The exception is the Conservative Party. Britain’s table-topping team might have its first majority in 18 years and is widely expected in Westminster to remain in power for another decade. But it doesn’t have any fans. The party’s conference in Manchester, like Labour’s in Brighton, will be full to bursting. But where the Labour shindig is chock-full of members, trade unionists and hangers-on from the charitable sector, the Conservative gathering is a more corporate affair: at the fringes I attended last year, lobbyists outnumbered members by four to one. At one, the journalist Peter Oborne demanded to know how many people in the room were party members. It was standing room only – but just four people put their hands up.

During Grant Shapps’s stint at Conservative headquarters, serious attempts were made to revive membership. Shapps, a figure who is underrated because of his online blunders, and his co-chair Andrew Feldman were able to reverse some of the decline, but they were running just to stand still. Some of the biggest increases in membership came in urban centres where the Tories are not in contention to win a seat.

All this made the 2015 election win the triumph of a husk. A party with a membership in long-term and perhaps irreversible decline, which in many seats had no activists at all, delivered crushing defeats to its opponents across England and Wales.

Like José Mourinho’s sides, which, he once boasted, won “without the ball”, the Conservatives won without members. In Cumbria the party had no ground campaign and two paper candidates. But letters written by the Defence Secretary, Michael Fallon, were posted to every household where someone was employed making Trident submarines, warning that their jobs would be under threat under a Labour government. This helped the Tories come close to taking out both Labour MPs, John Woodcock in Barrow and Furness and Jamie Reed in Copeland. It was no small feat: Labour has held Barrow since 1992 and has won Copeland at every election it has fought.

The Tories have become the zombies of British politics: still moving though dead from the neck down. And not only moving, but thriving. One Labour MP in Brighton spotted a baby in a red Babygro and said to me: “There’s our next [Labour] prime minister.” His Conservative counterparts also believe that their rivals are out of power for at least a decade.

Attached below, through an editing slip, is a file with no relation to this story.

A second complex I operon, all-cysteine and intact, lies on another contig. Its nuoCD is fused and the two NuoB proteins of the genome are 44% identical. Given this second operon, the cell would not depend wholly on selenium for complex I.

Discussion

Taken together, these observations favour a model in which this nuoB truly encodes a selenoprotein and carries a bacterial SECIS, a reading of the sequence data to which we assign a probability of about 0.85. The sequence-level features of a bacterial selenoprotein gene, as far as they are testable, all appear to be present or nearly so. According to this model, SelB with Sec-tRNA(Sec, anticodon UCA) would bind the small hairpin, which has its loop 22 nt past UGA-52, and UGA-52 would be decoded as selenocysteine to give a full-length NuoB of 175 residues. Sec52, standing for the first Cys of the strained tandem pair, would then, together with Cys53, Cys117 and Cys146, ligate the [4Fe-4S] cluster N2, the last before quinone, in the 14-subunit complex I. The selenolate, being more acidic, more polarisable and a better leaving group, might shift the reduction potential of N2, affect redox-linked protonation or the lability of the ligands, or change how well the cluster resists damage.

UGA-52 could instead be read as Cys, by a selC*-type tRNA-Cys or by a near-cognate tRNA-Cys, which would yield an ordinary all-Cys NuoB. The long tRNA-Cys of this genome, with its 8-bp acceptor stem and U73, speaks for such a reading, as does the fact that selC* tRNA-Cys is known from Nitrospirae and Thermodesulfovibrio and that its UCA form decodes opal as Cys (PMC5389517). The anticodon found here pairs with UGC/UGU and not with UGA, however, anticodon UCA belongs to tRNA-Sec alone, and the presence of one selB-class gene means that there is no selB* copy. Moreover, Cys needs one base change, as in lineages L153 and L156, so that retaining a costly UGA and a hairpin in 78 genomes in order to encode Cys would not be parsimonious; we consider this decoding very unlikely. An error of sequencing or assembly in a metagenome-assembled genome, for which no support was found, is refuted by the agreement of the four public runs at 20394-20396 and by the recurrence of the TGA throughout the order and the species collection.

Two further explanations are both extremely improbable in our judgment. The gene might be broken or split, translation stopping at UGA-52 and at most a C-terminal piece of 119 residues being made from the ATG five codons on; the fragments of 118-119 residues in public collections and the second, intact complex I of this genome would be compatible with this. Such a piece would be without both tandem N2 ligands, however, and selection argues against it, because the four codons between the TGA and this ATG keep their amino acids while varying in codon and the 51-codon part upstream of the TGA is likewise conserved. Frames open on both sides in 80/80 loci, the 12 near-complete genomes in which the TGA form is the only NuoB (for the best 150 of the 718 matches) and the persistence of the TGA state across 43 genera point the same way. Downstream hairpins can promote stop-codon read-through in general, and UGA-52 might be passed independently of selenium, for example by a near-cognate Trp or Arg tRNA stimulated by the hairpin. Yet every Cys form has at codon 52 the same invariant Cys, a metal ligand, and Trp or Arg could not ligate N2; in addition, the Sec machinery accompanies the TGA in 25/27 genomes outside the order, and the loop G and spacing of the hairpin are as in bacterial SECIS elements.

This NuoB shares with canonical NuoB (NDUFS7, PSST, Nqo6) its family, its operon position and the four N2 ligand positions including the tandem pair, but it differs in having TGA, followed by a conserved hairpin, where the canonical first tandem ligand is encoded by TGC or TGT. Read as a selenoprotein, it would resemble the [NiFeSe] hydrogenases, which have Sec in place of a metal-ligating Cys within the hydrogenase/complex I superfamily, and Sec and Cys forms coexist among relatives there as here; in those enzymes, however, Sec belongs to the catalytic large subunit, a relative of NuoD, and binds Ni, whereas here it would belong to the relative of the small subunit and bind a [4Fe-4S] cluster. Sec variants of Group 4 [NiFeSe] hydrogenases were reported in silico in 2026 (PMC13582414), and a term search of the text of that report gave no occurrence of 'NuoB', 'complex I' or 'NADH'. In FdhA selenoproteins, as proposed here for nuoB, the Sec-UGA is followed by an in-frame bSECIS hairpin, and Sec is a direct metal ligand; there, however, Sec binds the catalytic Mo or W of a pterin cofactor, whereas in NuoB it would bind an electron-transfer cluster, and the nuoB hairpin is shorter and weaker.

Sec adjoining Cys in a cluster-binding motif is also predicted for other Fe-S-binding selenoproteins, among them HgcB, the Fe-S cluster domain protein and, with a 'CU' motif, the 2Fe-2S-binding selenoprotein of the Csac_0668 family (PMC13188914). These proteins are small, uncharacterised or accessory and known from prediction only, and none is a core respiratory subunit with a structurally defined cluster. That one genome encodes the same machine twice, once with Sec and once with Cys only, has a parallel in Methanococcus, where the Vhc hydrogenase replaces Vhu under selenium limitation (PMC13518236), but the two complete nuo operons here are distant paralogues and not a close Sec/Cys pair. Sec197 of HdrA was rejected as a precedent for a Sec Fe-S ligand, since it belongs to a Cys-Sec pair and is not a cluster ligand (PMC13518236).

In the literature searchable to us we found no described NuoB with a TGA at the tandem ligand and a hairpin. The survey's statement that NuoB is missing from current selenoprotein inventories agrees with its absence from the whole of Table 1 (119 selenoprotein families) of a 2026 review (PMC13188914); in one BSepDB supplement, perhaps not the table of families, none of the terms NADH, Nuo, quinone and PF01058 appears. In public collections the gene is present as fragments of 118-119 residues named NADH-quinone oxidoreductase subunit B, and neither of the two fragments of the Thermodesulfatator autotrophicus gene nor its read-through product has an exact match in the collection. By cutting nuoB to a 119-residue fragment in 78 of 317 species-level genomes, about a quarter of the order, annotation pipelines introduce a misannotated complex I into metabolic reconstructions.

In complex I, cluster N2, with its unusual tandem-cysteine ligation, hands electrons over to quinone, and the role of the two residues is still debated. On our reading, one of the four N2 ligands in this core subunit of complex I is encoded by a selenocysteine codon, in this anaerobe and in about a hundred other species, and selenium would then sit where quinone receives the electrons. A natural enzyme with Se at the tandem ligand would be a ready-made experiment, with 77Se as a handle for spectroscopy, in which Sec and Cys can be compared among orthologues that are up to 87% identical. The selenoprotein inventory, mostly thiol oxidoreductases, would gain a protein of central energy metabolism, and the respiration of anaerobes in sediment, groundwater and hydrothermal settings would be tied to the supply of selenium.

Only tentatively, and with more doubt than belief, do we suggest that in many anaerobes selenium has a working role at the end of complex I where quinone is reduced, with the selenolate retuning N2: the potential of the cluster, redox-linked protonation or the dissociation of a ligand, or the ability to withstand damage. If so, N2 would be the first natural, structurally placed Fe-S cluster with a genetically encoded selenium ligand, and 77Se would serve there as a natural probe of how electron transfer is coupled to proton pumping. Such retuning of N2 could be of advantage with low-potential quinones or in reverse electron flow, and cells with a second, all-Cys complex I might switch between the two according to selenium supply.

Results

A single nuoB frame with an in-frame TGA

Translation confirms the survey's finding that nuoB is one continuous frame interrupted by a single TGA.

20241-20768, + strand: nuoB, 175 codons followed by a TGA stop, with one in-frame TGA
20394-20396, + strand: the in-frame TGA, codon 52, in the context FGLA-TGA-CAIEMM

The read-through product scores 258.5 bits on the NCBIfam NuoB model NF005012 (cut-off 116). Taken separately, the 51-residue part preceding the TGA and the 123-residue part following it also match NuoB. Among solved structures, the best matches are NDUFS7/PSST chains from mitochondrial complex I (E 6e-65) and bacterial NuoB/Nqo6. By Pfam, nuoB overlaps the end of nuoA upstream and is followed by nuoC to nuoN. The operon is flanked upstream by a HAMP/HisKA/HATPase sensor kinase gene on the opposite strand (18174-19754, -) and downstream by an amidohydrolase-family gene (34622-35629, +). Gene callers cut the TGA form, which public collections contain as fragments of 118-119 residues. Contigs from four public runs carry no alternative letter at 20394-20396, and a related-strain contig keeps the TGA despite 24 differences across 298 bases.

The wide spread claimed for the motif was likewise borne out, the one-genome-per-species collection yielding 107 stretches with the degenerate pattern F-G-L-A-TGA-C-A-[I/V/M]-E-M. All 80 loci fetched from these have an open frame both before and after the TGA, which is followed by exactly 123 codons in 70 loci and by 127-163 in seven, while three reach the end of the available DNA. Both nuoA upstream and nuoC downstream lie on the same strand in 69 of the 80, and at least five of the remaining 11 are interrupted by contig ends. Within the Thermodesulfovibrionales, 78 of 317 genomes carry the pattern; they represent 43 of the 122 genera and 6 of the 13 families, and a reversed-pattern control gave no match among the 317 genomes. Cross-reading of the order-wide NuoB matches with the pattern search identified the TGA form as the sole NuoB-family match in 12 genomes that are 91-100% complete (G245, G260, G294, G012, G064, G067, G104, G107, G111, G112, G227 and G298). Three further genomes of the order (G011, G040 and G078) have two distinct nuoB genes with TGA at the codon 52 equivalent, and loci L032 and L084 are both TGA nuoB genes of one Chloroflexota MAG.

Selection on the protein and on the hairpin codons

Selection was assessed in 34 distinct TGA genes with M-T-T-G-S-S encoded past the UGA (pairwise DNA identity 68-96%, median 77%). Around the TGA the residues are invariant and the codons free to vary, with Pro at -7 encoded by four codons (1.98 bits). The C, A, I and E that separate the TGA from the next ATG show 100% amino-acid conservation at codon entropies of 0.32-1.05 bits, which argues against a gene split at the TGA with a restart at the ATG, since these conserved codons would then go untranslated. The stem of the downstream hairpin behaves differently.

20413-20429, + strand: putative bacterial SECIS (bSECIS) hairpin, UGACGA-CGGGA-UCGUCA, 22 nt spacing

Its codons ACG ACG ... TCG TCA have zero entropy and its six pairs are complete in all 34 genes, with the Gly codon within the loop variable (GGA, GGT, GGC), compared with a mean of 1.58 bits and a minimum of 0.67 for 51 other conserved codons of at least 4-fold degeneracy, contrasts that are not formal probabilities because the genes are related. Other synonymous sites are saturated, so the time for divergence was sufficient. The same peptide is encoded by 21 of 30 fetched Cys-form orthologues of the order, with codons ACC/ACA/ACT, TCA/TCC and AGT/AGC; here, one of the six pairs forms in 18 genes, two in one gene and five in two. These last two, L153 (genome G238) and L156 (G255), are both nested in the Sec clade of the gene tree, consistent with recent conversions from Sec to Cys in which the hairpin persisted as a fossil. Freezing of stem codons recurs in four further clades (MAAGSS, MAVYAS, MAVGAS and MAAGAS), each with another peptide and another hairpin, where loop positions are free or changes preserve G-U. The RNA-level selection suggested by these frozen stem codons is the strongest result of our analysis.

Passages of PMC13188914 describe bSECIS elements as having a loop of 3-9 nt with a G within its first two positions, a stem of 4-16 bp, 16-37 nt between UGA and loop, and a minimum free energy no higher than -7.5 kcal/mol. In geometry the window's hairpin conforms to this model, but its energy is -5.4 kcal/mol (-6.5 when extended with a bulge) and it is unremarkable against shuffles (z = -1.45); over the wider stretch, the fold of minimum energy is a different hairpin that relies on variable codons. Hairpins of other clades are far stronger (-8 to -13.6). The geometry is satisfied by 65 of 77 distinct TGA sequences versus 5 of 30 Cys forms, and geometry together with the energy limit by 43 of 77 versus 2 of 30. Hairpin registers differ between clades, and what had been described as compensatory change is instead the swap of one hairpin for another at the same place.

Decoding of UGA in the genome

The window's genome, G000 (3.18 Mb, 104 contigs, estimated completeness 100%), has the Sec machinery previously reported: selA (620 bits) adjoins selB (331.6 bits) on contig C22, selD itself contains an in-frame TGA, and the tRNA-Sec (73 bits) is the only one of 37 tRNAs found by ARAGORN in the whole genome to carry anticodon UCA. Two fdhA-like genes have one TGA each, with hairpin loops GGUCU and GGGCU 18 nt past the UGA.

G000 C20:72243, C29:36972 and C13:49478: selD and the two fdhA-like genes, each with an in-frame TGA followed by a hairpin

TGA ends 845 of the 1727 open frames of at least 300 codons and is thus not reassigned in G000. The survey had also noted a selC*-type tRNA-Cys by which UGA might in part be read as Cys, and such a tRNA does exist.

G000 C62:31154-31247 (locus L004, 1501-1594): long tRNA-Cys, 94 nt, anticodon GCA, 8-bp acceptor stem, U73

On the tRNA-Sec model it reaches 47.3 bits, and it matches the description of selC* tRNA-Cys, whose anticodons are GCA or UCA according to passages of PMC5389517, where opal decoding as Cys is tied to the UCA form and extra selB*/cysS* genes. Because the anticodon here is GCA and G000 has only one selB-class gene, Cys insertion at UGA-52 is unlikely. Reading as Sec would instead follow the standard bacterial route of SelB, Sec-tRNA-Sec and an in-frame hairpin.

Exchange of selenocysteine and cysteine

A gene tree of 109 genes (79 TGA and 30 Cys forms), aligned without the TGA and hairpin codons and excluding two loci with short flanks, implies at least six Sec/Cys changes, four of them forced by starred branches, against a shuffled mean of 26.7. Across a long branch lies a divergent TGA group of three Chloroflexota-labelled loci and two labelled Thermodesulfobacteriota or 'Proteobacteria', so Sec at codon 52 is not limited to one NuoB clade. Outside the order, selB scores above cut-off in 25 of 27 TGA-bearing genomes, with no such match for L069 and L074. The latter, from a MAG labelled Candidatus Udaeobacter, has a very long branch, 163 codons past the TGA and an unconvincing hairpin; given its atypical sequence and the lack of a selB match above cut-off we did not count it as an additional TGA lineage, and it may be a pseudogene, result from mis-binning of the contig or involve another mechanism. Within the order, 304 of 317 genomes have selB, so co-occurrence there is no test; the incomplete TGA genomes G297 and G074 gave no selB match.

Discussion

Yet there are more threats to the zombie Tories than commonly believed. The European referendum will cause endless trouble for their whips over the coming years. And for all there’s a spring in the Conservative step at the moment, the party has a majority of only 12 in the Commons. Parliamentary defeats could easily become commonplace. But now that Labour has elected Jeremy Corbyn – either a more consensual or a more chaotic leader than his predecessors, depending on your perspective – division within parties will become a feature, rather than a quirk, at Westminster. There will be “splits” aplenty on both sides of the House.

The bigger threat to Tory hegemony is the spending cuts to come, and the still vulnerable state of the British economy. In the last parliament, George Osborne’s cuts fell predominantly on the poorest and those working in the public sector. They were accompanied by an extravagant outlay to affluent retirees. As my colleague Helen Lewis wrote last week, over the next five years, cuts will fall on the sharp-elbowed middle classes, not just the vulnerable. Reductions in tax credits, so popular among voters in the abstract, may prove just as toxic as the poll tax and the abolition of the 10p bottom income-tax rate – both of which were popular until they were actually implemented.

Added to that, the British economy has what the economist Stephen King calls “the Titanic problem”: a surplus of icebergs, a deficit of lifeboats. Many of the levers used by Gordon Brown and Mervyn King in the last recession are not available to David Cameron and the chief of the Bank of England, Mark Carney: debt-funded fiscal stimulus is off the table because the public finances are already in the red. Interest rates are already at rock bottom.

Yet against that grim backdrop, the Conservatives retain the two trump cards that allowed them to win in May: questions about Labour’s economic competence, and the personal allure of David Cameron. The public is still convinced that the cuts are the result of “the mess” left by Labour, however unfair that charge may be. If a second crisis strikes, it could still be the Tories who feel the benefit, if they can convince voters that the poor state of the finances is still the result of New Labour excess rather than Cameroon failure.

As for Cameron, in 2015 it was his lead over Ed Miliband as Britons’ preferred prime minister that helped the Conservatives over the line. This time, it is his withdrawal from politics which could hand the Tories a victory even if the economy tanks or cuts become widely unpopular. He could absorb the hatred for the failures and the U-turns, and then hand over to a fresher face. Nicky Morgan or a Sajid Javid, say, could yet repeat John Major’s trick in 1992, breathing life into a seemingly doomed Conservative project. For Labour, the Tory zombie remains frustratingly lively. 

Stephen Bush is editor of the Staggers, the New Statesman’s political blog.

This article first appeared in the 01 October 2015 issue of the New Statesman, The Tory tide